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Man gets 26 years in prison for DUI crash that killed two

Janet Nusspickel, the mother of one of the victims, listens Tuesday during the sentencing.
Published Oct. 31, 2012

LARGO — Janet Nusspickel was driving a school bus to Northeast High School when she got the call. It was a police officer who said he needed to talk to her soon and in person.

"I knew then that something was terribly wrong … as only a mother can know," she said in a court hearing Tuesday.

But she had a job to do. She drove to the next stop, and then got a call from her husband. He said their daughter Diana had been killed in a car crash.

Somehow, she finished her route. "I had a bus full of kids I had to get to school," she said.

She then had to go home and tend to her 4-year-old granddaughter. "I had to tell her that Mommy had gone up to heaven."

Nusspickel was recounting the day for Pinellas-Pasco Circuit Judge Nancy Moate Ley, who on Tuesday sentenced the drunken driver responsible to 26 years in prison.

Earlier in the hearing, Scott Michael Nicholson pleaded guilty to two counts of DUI-manslaughter and one count of reckless driving with serious bodily injury in connection with the June 2011 crash.

Nicholson, 31, was driving more than 100 mph in a 2007 Chevy Cobalt when he smashed into a 2003 Saturn at 62nd Avenue N and 22nd Street in St. Petersburg. His blood-alcohol level was later recorded as 0.13, but may have been as high as 0.17, more than double the amount at which someone is presumed impaired by Florida law, said Assistant State Attorney Scott Rosenwasser.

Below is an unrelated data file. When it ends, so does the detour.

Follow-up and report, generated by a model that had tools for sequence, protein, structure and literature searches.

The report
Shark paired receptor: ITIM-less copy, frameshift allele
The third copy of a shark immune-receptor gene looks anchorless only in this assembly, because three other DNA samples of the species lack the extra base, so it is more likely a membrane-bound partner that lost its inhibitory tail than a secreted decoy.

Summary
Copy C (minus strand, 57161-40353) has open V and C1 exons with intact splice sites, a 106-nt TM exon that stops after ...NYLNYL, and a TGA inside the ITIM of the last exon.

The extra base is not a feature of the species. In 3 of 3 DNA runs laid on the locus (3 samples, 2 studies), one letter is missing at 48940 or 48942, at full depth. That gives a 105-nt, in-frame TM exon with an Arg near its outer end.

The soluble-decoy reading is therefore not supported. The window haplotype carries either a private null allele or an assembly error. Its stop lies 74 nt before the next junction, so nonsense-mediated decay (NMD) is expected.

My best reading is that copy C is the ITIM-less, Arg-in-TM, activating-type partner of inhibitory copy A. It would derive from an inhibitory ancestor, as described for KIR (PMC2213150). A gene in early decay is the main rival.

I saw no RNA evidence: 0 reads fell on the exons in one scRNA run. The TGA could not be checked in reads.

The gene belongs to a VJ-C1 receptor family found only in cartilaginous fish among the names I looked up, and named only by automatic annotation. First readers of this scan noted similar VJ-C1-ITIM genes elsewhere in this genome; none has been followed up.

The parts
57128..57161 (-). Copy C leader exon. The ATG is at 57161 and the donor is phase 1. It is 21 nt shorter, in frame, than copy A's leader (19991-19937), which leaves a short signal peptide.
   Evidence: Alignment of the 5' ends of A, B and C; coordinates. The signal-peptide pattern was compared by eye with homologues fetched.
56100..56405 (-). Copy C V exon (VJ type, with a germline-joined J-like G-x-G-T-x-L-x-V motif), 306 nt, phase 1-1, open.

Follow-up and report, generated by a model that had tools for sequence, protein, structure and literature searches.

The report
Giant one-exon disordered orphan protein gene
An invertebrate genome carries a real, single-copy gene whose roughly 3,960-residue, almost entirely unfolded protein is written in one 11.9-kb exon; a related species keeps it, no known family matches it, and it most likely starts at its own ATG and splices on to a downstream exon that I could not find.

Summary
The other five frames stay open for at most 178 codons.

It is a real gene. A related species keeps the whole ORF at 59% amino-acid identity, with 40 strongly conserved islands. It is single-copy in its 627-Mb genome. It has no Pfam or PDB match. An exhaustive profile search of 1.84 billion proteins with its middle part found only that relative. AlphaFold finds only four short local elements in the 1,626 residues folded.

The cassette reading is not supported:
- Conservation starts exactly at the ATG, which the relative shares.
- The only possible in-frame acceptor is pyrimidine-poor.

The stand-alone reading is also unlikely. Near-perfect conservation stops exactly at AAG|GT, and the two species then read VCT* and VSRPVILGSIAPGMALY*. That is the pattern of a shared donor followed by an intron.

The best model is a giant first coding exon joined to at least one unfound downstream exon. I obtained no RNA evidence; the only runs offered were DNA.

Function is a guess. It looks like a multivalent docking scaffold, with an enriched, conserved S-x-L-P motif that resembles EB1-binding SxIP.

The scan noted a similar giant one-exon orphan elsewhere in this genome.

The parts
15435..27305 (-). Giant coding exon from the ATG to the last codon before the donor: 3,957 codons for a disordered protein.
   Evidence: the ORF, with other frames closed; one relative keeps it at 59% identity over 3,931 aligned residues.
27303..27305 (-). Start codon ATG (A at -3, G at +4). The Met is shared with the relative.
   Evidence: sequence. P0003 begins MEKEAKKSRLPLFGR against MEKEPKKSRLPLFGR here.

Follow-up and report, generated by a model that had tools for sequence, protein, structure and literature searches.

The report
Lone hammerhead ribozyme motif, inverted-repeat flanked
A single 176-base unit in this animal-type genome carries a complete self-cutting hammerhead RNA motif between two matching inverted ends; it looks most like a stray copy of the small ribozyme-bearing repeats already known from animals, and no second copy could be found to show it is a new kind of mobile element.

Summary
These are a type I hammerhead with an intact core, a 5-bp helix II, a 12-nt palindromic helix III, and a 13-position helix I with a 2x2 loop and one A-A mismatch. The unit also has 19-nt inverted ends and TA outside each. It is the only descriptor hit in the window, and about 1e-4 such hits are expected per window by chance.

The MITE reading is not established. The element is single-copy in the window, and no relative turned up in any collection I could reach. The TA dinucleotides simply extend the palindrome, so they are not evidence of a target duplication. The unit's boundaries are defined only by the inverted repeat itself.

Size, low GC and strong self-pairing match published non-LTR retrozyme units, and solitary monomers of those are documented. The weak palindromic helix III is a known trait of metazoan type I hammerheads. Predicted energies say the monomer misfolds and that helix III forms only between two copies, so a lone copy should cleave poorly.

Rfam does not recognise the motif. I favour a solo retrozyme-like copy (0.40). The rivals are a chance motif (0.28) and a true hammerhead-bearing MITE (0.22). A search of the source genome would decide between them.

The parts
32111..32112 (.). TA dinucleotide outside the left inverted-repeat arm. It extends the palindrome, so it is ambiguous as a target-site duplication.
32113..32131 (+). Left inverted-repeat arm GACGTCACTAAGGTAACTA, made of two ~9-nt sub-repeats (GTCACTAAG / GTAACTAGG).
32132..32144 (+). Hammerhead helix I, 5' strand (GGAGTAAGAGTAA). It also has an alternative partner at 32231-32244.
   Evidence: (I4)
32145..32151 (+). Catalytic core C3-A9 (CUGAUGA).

The crash seriously injured the driver of the car, Devin M. Plant, and killed its two passengers, Diana L. Nusspickel and Charles R. Lutes II. They were both 25.

After pleading guilty, Nicholson turned to the victims' family members and said, "I feel so bad and I would like to first apologize first to each family for their loss."

"There is no excuse I can make," he continued. "It was careless and reckless on my behalf. I'm sorry for the pain I have caused each and every one of you."

Judge Ley said she gave some consideration to Nicholson for sparing the families the ordeal of a trial by pleading guilty. She gave him less than the maximum he could have received under a plea agreement with prosecutors that would have allowed a sentence between 22.7 and 30 years.

Ley's decision came after emotional testimony from parents, grandparents, nieces, nephews and other relatives, some of it in person, some of it in letters read aloud to the court. Some relatives called for forgiveness. Others asked for the maximum punishment. They all spoke of loss and pain.

Charlie Lutes was the oldest in a set of 12 grandchildren, his family members said, and many of his teenage cousins now keenly feel his absence. He died on June 3, the same day one of his cousins was set to graduate from high school.

Lutes' mother, Christina Winstead, said she prepared for Tuesday's hearing by writing a statement. "I checked myself into a hotel, shut off my phone and TV, basically barricaded myself in the room, so I could face what has tried to stay dormant for the past 16 months," she said.

It wasn't easy "to relive the most devastating moment of my life."

During her testimony Tuesday, she said that on her son's last night, he had said, "I'll be home in a little while." In the courtroom, she told the judge, "I just didn't understand at that time that 'home' meant his heavenly home."

Plant, the driver of the car that Nicholson smashed into, drew chuckles of recognition when he remembered how Lutes liked to bring over food his mother had cooked whenever they gathered for a football game. He talked about how smart Diana was and how she was working hard in college.

"I miss them so much," he said.

Near the end of the hearing, after Nicholson apologized, defense attorney Kevin Hayslett addressed the victims' families and urged them all to remind their children and people around them of the dangers of drinking and driving. He also mentioned that Nicholson wasn't the only one drinking on the night of the accident, Plant had alcohol in his bloodstream, although not enough for him to be considered intoxicated under the law.

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